Wednesday, July 27, 2011

This week: Dirty Cop Friday

Dirty Cop Friday is back in two days, with an array of bands, DJs and art at the Old Police Station.

Healthy Junkies
Dangerous Dinky
The Electric Puffs

Dave Dog

Cartel Show - curated by Dave Beech

Wednesday, July 20, 2011

Ballad of the bad muffins

blackberries in bowl; photo by Val Phoenix
This being blackberry time, I trudged up to my favourite patch and collected the first pickings of the season. I only got 1/2 kg, but it was enough for a yummy smoothie and some pancakes, so I checked back three days later and was able to gather 1 kg, with minimal blood lost (a snagged trouser leg).

It wasn't enough to bother with freezing, so I pondered how to put the haul to good use and decided on muffins. Now, my last few batches have been a bit hit-and-miss. I made some pretty awful oily corn muffins some weeks back, but the next batch was tasty.

Fresh blackberry muffins! In the oven they went and I settled down with a paper. And forgot them for a bit. When I took them out, they looked a little browner than optimum. But, they had risen nicely and I could see the blackberries peeping through. I lifted one out, made some tea and took a bite.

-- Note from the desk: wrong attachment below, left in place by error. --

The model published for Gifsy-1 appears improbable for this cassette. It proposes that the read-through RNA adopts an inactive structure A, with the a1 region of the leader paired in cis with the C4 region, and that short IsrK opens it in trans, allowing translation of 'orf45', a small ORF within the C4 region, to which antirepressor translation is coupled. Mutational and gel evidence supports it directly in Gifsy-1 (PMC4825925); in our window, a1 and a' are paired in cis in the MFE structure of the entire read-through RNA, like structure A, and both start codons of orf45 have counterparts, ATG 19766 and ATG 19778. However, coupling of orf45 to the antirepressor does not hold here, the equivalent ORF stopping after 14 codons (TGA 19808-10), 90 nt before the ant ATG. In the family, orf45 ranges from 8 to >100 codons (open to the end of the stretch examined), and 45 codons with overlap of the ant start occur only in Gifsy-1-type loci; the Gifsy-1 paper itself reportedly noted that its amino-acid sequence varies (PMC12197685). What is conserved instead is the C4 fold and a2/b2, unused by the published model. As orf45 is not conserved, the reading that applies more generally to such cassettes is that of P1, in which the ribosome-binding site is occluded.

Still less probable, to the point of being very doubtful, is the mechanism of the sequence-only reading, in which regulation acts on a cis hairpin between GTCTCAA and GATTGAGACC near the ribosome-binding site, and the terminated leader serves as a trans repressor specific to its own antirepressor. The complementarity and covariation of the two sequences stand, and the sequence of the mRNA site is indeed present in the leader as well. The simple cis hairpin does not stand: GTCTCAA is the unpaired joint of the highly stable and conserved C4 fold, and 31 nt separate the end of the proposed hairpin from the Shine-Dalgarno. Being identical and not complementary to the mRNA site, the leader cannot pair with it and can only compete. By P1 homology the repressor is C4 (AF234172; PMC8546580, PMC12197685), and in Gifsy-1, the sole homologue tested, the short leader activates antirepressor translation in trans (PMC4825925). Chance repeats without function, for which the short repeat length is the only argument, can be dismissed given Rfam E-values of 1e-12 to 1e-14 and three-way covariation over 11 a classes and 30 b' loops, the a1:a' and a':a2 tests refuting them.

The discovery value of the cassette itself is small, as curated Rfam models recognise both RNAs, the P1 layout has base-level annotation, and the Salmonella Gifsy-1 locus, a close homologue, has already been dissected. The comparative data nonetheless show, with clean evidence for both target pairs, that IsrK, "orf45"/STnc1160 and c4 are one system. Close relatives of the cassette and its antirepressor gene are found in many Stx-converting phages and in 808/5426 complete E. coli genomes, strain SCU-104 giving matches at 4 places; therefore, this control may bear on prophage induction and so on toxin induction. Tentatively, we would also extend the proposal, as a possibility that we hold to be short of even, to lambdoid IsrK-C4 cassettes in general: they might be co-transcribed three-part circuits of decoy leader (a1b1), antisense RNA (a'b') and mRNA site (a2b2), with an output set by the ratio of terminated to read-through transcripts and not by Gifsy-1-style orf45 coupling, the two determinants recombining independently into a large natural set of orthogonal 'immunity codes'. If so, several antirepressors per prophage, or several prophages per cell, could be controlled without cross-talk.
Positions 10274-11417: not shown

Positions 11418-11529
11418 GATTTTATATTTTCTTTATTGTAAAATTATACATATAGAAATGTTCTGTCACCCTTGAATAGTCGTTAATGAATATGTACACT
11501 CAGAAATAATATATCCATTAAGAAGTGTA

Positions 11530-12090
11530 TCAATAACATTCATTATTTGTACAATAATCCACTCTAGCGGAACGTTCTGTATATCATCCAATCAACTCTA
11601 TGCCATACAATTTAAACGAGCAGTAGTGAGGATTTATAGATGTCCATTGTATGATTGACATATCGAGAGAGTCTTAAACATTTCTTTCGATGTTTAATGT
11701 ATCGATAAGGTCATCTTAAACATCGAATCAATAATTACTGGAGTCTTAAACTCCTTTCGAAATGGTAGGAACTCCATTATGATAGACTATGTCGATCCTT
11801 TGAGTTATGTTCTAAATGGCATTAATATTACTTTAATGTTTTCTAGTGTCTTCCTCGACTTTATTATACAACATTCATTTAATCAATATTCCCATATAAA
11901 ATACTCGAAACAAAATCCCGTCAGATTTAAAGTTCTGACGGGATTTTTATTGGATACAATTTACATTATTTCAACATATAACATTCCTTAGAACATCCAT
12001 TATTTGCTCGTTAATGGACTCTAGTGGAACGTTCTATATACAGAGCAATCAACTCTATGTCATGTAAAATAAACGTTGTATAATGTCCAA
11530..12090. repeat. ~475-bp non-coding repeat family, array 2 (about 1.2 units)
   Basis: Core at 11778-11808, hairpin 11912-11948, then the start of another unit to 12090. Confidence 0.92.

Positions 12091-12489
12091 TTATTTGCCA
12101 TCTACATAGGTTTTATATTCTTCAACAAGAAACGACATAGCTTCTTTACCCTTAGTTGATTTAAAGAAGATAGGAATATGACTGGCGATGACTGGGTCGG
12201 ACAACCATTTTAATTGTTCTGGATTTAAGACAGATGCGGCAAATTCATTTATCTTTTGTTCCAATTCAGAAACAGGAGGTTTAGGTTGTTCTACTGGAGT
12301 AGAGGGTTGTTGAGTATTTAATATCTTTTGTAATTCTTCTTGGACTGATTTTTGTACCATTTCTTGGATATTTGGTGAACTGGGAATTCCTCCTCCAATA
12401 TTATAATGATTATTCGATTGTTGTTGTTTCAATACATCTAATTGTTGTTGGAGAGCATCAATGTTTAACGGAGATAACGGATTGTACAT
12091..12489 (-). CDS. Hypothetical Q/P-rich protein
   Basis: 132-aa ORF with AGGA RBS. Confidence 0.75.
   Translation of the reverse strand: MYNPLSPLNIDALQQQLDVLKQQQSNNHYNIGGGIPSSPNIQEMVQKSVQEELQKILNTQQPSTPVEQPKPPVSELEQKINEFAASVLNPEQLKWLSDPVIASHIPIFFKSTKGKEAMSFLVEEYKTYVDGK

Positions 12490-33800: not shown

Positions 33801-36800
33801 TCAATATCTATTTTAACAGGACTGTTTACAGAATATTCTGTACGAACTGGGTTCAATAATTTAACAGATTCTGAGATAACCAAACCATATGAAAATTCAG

It was foul. Wow. Really bad. Maybe excess heat or excess baking soda was to blame. The texture was moist and there was plenty of blackberry, but the thing was barely edible. How could muffins that looked so yummy be that bad? Never mind. I can't bear food being wasted. I made myself eat it, washed down with copious amounts of tea. I shall now apportion one bad muffin a day until they are all done. And enjoy the smoothies.

Monday, July 11, 2011

Word of the day: de-arrest

Just finished watching a new doc on environmental activism and I was struck by a wave of deja-vu observing the planning and training that goes into such actions. "Oh," I thought. "We used to do that", regarding going limp and so forth. Ah, yes, back in the day, in the early '90s, when the streets of San Francisco were alive with shouting.

One tactic that was new to me was "de-arresting": if someone gets grabbed by the police, the person shouts "De-arrest!" and the rest of the affinity group swarms around in an act of collective liberation. Imagine how that would work in the wider world: you're walking down the street and confronted by an assailant. You shout "De-arrest!" and people come out of the woodwork to your aid. Most empowering.

Monday, July 04, 2011

Tracey Emin: Love Is What You Want

Now showing at the Hayward Gallery through August, this Tracey Emin retrospective is a dizzying mass of wood, neon, cut-up clothing and found objects, all filtered through the lens of La Emin. Which isn't to say Love Is What You Want is bad (Brian Sewell's bilious review notwithstanding). But, given Emin's raddled image and how much the prospective visitor thinks s/he knows about the artist, it is illuminating.